So the military continues to perform cheetah flips to spit out it’s next poster child, but for every Haver or Griest we generate, how many women suffer? How many women must we sacrifice on the altar of equality to maintain this farce, this charade?

This is Equality

As men tend to sin by oppressing women, we actually denigrate women by placing them on the same level as men. We, men, should elevate the position of women.

My wife and I teach all six of our sons that you “treat a girl like a flower”—they can all recite this on command. If they hit one another then okay, “no blood, no foul,” but if they hit a girl, my granddaughter for instance, I come down on them with the full wrath and fury of the Lord God, Almighty.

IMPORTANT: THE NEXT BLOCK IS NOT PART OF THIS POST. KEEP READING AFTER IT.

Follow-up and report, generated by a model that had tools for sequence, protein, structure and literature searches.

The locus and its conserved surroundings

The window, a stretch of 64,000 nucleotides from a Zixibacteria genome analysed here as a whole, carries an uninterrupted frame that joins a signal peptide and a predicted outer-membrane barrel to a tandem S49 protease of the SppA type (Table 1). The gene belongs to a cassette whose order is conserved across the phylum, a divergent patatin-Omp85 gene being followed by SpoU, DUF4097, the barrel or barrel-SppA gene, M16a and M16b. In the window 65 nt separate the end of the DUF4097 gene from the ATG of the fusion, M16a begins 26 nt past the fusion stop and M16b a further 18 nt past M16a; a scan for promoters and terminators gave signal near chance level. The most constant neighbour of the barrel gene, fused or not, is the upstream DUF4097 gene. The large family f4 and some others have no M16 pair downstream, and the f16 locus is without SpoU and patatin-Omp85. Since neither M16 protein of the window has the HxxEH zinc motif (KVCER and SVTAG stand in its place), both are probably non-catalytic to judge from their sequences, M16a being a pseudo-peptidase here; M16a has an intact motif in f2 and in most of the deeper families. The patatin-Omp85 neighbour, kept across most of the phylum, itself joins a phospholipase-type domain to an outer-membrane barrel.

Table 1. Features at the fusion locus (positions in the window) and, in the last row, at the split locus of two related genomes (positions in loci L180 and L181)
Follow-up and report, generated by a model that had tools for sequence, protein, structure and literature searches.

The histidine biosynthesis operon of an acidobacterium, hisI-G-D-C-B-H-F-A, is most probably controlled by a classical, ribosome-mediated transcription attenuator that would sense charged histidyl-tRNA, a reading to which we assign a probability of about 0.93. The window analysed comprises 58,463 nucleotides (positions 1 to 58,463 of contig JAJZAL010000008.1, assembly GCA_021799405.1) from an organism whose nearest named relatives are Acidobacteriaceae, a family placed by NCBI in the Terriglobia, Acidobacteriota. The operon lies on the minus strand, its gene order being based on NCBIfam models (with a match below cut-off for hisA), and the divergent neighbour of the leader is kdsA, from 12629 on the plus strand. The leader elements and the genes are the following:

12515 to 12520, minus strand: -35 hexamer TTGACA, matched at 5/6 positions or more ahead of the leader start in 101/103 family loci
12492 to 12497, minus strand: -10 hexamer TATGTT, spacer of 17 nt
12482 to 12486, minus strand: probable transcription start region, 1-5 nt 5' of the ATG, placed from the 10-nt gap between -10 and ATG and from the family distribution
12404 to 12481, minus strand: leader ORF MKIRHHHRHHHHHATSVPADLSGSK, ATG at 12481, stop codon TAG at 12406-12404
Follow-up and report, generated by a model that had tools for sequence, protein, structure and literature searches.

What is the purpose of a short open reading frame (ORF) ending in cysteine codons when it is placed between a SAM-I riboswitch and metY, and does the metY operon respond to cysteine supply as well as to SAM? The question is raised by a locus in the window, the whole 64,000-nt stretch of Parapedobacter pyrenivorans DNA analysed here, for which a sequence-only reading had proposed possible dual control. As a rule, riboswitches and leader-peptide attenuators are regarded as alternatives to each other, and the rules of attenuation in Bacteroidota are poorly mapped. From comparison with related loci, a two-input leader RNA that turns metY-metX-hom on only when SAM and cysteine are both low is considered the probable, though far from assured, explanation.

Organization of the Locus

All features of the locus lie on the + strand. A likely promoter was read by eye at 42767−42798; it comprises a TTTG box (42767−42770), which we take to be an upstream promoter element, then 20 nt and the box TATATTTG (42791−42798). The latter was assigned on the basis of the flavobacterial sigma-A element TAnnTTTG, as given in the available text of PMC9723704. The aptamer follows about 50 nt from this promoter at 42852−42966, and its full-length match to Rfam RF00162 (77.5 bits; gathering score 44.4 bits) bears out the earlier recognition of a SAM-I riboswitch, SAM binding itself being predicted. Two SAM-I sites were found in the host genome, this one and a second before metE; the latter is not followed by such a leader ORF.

Return with me once more to the Garden, to creation. Consider that God made everything—the heavens and the stars, the sun and the moon, the earth and the sky, the beasts of the field, the fish of the waters. God made everything by His spoken word, and then He brought forth man and put Him in the Garden to work it, to have dominion over it. He taught man His statutes, and only when all of creation was prepared and ready, poised, He brought forth woman. Adam then exclaimed, “This one at last, is bone of my bone, and flesh of my flesh.”

The Bible adamantly speaks to the elevation of women by men, lest they be oppressed by those very same men.

I return to my daughters. When I think of them and their prospective husbands, I don’t want for them equality. I don’t want a husband for them who treats them the same as he treats his buddies. My desire is that a man comes along and treat them as a Princess, that he cherish them and hold them in the highest regard, that he sees them as the weaker vessel, the ceramic vase, the butterfly that they are and conducts himself accordingly—gentle, honorably, with respect.